Transcribed from "History of North Washington, an illustrated history of Stevens, Ferry, Okanogan and Chelan counties", published by Western Historical Publishing Co., 1904.

     HENRY THOMPSON.  The most successful and skillful mining men who operate and who have operated in the United States are always men who have supplemented the information gained from books by thorough, close and actual contact with minerals and mineral deposits, and are acquainted with the processes of mining from the prospector's trips until the metals are prepared for commercial distribution.  Such a man is Henry Thompson, and it is with pleasure that we grant space for a review of the salient points of his career.
     Henry Thompson was born on August 17, 1867, in Douglas county, Minnesota, the son of Thomas and Caroline Thompson, natives of Norway.  They came from that country to the United States in 1864, settling in Douglas county.  They were the parents of three children, our subject, Charles and Mrs. Carrie Rood.  Henry received a common school education and grew to manhood on the farm.  He early developed a love for mining and minerals and devoted considerable attention to reading such periodicals and books as he could secure on the subject.  In 1885 he came to Seattle, Washington, and wrought at the trade of millwright until 1889, when he crossed the Cascades to the Swauk district, where he mined.  In the fall of 1892 Mr. Thompson married Miss Laura Harrison, and to them was born one child, Lauren, on September 11, 1893, and two days thereafter Mrs. Thompson died.  The next year Mr. Thompson came to Loomis and did mining until the reservation opened in the fall of 1896, when he came to the vicinity of Chesaw.  He was one of the first men who came to this locality and at once began to prospect and make locations.  He made several fine locations, among which may be mentioned the Bi-Metallic group, which he still owns.  He has done about eight thousand dollars worth of development work on this property, which is distinctly a gold and copper proposition and has a one hundred and twenty-five foot ledge.  He is also interested in several other propositions and is superintendent of the Interstate Mining Company properties.  From the beginning Mr. Thompson was occupied with practical work in the mines and made a thorough investigation from books and from every source where he could obtain knowledge upon the subject.  The result is that for twelve or fifteen years of this experience and study he has come to be a thorough mining man, practical in every respect.  In addition to the duties mentioned above, he devotes considerable time to experting mines and to reporting on them.  He has done considerable of this expert work and has been found skillful in it.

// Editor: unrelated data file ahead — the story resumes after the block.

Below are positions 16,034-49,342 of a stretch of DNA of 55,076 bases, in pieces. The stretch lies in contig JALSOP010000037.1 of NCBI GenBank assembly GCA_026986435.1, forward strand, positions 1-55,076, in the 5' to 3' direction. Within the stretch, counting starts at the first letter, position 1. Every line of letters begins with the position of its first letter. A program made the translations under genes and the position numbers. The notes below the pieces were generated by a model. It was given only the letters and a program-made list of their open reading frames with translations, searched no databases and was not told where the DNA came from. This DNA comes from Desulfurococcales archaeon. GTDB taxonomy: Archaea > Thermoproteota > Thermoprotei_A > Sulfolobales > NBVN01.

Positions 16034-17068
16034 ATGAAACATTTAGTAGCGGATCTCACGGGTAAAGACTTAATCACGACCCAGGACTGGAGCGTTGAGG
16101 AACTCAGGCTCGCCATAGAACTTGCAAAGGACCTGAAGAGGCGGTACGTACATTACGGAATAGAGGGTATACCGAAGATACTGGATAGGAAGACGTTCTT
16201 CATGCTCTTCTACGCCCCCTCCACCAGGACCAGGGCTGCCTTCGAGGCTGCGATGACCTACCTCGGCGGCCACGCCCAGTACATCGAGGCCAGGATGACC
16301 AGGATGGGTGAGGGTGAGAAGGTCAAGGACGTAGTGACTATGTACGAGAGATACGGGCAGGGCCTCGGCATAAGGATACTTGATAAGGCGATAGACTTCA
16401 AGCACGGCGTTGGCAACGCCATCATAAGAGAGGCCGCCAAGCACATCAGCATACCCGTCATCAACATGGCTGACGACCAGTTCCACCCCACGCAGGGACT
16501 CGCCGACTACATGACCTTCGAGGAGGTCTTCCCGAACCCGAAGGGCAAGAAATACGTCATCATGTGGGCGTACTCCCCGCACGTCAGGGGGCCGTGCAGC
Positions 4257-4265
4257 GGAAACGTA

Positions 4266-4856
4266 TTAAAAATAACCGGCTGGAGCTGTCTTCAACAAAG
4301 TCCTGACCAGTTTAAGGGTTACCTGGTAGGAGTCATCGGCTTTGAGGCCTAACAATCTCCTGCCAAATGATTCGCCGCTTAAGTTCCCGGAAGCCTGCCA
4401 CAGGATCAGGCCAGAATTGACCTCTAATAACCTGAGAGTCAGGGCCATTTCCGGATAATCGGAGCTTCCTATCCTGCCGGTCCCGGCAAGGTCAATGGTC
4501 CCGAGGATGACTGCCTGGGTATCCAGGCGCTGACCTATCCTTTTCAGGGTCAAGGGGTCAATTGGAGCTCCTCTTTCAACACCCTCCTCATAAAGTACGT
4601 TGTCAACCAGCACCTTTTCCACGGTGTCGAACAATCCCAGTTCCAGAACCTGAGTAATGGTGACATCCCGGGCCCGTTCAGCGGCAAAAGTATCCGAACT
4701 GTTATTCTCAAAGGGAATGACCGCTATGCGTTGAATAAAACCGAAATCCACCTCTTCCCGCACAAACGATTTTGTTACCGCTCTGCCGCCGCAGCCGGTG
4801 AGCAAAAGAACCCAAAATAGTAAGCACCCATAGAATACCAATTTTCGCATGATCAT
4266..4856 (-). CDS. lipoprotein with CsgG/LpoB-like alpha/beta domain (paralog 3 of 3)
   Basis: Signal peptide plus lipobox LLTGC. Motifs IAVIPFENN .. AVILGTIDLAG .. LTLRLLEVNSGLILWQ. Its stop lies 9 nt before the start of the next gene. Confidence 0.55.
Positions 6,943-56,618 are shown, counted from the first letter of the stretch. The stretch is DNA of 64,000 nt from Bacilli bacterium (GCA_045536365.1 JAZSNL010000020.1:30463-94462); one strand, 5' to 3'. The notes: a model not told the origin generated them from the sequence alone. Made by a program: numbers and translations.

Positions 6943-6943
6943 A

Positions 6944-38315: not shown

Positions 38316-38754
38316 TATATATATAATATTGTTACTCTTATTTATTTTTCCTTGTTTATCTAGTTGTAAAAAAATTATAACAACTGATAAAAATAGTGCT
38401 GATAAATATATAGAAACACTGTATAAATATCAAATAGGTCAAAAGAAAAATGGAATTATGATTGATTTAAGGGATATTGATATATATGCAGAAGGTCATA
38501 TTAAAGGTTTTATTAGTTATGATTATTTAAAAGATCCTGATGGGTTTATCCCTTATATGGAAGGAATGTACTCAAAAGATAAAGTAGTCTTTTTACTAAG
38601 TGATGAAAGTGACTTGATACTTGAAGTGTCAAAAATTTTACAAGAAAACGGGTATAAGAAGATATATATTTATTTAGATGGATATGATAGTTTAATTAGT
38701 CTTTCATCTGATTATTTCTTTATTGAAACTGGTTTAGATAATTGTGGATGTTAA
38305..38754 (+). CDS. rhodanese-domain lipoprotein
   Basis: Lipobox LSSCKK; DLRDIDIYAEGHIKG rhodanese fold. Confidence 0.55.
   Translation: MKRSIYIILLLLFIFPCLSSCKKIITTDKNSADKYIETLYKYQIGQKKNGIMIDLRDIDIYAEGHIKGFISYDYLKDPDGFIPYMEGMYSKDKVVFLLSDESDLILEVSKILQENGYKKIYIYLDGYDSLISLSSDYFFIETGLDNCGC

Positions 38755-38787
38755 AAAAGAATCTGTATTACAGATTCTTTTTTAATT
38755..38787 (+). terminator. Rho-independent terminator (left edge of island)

Mr. Thompson married Miss Ida E. Gilespie, and one child has been born to them, on August 6, 1901, Henry Thompson, Jr.  Mr. Thompson is a member of the A. F. and A. M., and also of the Eagles.  He is known as one of the substantial and reliable men of Okanogan county.